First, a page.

Army Commanders’ Conference: Need to Push Modernisation and Inclusive HR Policies
Need to Push Modernisation and Inclusive HR Policies
THE BIANNUAL ARMY COMMANDERS’ Conference came to an end recently with the closing remarks of General Bipin Rawat, Chief of Army Staff. The Army Commanders’ Conference had commenced earlier this month in April 2017. Army Commanders’ Conference is an important event in the planning and execution process of the Indian Army. To ensure due diligence, decisions are taken through a collegiate system comprising the Army Commanders and other senior officers who deliberate upon the prevailing security scenario, strategic and actionable issues to ensure effective combat edge of the Indian Army.
General Bipin Rawat, in his addresses emphasised that all systems were working well and complimented those who are working on the ground. He observed that the Indian Army continues to hold a strong image and a professional reputation. He exhorted all ranks to endeavour to further strengthen the same. The Chief of Army Staff impressed upon the need to work in a collaborative manner for maintaining combat effectiveness of the Army. He expressed his confidence at the way the Army has been adapting itself to the dynamic internal and external operational environment. He added that there is a need for sustained and holistic modernisation of the Army wherein combat and manoeuvre arms, Air Defence and Aviation are on high priority. The Chief of Air Staff Air Chief Marshall B.S. Dhanoa and Chief of Naval Staff Admiral Sunil Lanba also addressed the conference emphasising on evolving a joint operational philosophy.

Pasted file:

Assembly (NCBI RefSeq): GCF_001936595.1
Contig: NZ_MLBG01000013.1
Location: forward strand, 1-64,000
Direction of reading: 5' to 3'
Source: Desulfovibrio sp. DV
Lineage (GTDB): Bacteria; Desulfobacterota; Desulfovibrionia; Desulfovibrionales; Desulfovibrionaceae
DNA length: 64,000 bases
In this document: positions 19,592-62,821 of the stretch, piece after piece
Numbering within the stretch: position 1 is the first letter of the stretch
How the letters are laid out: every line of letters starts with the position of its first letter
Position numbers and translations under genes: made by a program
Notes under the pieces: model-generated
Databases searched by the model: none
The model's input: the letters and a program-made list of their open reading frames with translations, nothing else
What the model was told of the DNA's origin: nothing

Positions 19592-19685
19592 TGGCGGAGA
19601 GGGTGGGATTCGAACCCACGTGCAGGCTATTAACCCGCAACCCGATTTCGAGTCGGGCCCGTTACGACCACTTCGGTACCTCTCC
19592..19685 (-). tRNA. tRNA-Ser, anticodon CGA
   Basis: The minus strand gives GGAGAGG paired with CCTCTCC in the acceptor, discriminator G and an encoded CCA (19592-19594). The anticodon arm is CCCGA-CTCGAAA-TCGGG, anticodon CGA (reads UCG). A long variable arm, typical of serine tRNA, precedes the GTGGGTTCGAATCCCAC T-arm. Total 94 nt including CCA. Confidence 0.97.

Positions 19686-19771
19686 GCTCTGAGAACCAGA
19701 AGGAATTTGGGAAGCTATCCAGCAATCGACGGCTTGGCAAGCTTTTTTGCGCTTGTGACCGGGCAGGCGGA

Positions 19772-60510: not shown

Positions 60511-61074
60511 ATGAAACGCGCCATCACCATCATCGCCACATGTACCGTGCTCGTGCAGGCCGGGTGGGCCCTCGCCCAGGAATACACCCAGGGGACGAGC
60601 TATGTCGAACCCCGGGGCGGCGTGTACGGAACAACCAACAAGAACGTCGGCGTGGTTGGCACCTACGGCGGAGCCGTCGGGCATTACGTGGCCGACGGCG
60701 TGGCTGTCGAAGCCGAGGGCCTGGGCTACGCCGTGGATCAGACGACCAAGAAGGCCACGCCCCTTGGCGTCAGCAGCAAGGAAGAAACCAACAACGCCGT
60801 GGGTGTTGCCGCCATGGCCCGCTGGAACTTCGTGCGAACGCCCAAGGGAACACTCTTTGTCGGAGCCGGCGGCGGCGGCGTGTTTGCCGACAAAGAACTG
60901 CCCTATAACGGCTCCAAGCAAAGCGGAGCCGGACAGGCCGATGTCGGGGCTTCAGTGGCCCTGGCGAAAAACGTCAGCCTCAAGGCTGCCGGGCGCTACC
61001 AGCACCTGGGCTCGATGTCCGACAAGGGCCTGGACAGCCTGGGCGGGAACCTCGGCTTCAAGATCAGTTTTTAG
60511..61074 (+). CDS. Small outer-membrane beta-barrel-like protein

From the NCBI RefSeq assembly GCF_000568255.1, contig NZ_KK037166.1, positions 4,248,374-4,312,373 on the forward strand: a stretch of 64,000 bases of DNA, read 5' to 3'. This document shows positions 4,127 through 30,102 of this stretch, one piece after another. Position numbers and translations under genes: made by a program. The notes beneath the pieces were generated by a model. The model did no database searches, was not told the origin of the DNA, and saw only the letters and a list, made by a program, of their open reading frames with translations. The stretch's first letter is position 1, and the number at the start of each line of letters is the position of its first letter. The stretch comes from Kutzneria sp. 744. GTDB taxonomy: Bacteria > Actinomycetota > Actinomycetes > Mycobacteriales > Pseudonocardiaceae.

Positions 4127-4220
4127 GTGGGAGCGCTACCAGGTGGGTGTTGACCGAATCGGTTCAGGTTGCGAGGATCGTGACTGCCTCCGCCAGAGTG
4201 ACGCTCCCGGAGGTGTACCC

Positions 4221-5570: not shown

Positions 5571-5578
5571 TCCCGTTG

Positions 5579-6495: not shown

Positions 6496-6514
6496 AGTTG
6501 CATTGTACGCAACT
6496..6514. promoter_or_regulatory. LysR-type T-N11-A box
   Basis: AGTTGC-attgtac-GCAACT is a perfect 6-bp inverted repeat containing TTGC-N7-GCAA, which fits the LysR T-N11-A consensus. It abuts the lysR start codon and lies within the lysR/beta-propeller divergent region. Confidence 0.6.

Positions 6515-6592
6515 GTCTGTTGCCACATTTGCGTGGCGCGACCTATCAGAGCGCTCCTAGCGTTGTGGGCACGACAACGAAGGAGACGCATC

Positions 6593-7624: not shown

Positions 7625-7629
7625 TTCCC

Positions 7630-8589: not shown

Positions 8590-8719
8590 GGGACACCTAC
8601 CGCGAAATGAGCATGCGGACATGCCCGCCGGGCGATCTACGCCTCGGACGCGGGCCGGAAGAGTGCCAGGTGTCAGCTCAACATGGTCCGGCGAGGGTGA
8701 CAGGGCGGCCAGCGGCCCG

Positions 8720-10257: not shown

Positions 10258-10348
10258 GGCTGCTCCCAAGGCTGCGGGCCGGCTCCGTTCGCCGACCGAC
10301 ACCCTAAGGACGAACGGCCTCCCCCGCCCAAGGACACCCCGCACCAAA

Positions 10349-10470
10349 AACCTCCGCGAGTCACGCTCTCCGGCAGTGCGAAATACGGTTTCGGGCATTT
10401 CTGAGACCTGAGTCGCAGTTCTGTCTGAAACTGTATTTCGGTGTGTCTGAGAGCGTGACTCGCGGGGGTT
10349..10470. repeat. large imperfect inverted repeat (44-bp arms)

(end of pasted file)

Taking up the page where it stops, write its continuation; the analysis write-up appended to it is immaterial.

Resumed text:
At the conference, it was decided to give heft to the modernisation plan of the Army. A comprehensive plan to speed up land acquisition for infrastructure development has been decided to be addressed through the state governments. During the deliberations, a session was dedicated to discussion with the Ministry of Defence to evolve a more wholesome action plan on administrative and modernisation issues. Also, important issues having HR policy ramifications were discussed. There is an impetus to evolve a more pragmatic HR plan. The core values of Army though haven’t changed; rapid societal changes and discernible impact of socio-economic aspirations on Army were a focus area of the Conference.
The Army, unlike most government departments, has a highly pyramidal structure, which results in over 50 per cent personnel not being promoted despite being highly competent thus necessitating optimum utilisation of this pool of competent personnel. The Conference deliberated measures to enhance transparency and inclusiveness leading to greater equability. The proposals to make Short Service Officers entry scheme more popular, streamlining the intake pattern, employment of Women Officers and grant of Honorary ranks to Junior Commissioned Officers and NonCommissioned Officers were also discussed with positive road maps.
The Army Chief, during the course of the deliberations, highlighted the need for a more participative form of policy formulation. Concerned branches of the Army HQ have accordingly been directed to interact with wide cross-section of offices, branches, and personnel.
Defence Minister Arun Jaitley also addressed the Army Commanders’ Conference and complemented the senior military hierarchy saying: “Whenever the challenges multiply or their nature changes, Indian Army has always outperformed itself.” He stated that modernisation of defence equipment is the topmost priority for the government.
The Biannual Army Commanders’ Conference in progress in New Delhi